The environmental benefits of a compost pile are pretty huge. Let’s first consider what happens when we don’t compost.
Landfills have become the third largest source of human-caused greenhouse gas. When food scraps and paper go to a landfill, they don’t decompose like we might assume they would. Because the trash bags are on top of one another, there is no oxygen present to allow decomposition to happen. Instead, the trash gives off methane, a dangerous greenhouse gas that contributes to global warming. We don’t hear a lot about methane, despite the fact that it traps more radiation in our atmosphere than carbon dioxide–in fact, pound for pound methane’s impact is 25 times worse than carbon dioxide over a 100-year period. (EPA)
Landfills also use incinerators to burn trash, requiring fossil fuels to burn the material. And let’s not forget about all the trash trucks (which burn fossil fuels) that pick up the trash. And all of those darn plastic bags. There is a better way.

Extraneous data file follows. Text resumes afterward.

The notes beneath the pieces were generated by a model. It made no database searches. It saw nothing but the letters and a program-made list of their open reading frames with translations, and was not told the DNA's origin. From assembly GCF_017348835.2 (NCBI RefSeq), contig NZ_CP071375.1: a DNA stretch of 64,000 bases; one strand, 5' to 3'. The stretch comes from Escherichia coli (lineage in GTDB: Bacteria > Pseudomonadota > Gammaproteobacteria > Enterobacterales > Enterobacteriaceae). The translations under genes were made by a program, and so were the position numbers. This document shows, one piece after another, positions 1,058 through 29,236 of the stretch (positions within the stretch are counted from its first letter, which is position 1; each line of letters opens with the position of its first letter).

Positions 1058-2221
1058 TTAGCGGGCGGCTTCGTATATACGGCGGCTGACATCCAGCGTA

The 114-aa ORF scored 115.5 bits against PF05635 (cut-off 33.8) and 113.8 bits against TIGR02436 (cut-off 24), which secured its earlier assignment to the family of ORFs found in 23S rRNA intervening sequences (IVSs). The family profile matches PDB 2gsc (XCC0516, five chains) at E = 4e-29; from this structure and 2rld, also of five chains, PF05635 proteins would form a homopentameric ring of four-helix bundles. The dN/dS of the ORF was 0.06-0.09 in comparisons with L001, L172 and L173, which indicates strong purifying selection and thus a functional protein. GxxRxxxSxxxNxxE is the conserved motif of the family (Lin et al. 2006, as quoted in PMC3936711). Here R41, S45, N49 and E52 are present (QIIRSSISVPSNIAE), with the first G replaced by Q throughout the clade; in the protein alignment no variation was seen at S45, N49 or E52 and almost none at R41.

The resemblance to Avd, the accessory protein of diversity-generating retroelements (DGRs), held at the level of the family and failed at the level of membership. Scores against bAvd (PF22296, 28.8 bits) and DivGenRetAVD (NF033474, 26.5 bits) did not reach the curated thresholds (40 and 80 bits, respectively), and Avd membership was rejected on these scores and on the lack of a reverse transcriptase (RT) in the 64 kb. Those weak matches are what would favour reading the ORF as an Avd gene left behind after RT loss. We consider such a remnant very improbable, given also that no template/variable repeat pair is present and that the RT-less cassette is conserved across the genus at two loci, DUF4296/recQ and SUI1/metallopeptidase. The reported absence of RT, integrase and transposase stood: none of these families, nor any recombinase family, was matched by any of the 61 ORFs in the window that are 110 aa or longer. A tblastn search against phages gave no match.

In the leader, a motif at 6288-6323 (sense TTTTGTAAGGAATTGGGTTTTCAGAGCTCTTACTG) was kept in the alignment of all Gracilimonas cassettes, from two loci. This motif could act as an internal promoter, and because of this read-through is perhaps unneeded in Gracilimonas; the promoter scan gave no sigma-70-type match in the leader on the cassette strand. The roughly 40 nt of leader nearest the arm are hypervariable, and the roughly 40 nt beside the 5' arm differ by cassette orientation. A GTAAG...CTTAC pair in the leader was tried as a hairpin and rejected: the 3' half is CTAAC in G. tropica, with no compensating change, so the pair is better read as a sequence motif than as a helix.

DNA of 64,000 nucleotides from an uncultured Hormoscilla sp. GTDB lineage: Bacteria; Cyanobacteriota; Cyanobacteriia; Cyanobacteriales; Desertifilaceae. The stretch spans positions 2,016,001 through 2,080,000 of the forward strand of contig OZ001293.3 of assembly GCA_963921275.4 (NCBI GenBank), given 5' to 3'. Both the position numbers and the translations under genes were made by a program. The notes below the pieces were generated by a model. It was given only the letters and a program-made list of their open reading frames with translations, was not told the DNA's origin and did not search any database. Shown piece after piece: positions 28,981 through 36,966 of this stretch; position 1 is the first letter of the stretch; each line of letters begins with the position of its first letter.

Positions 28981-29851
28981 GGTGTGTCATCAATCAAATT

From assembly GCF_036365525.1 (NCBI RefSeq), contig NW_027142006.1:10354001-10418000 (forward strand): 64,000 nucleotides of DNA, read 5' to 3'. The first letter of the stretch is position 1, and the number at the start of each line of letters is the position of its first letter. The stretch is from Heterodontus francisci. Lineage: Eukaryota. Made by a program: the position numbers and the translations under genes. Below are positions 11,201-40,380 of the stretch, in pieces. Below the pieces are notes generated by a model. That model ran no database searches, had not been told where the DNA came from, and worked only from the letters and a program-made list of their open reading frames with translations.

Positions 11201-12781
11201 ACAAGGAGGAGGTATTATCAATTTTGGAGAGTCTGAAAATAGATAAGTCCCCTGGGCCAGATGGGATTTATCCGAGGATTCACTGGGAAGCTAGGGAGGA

If we separate out our organic materials, such as vegetables, fruits, coffee grounds, tea bags, egg shells, leaves and grass clippings, and put them into a compost pile, it’s estimated we can cut our waste sent to landfills by about 30 percent. Less methane released, less trash trucks, and less trash in our landfills. Pretty powerful. I know that once my family “got serious” about not throwing away our fruits and vegetables, our family of four was able to cut our weekly trash from two bags to one.
Once your compost pile has made compost, it can “save” all areas of your garden. Consider that compost:
- improves soil quality by providing both macro and micro nutrients, requiring less fertilizers
- improves soil structure, clay soil becomes less clay, sandy soil is less sandy
- improves soil retention of water
- provides habitat and food for beneficial soil organisms from bacteria to earthworms
- improves resistance to both plant diseases and insect pests
- binds with heavy metal contaminants so they are not absorbed by plants
- works well as a mulch
Compost is so powerful in the garden, I would hate to be without it. And making your own is definitely cheaper than buying some.
Now that is a win-win.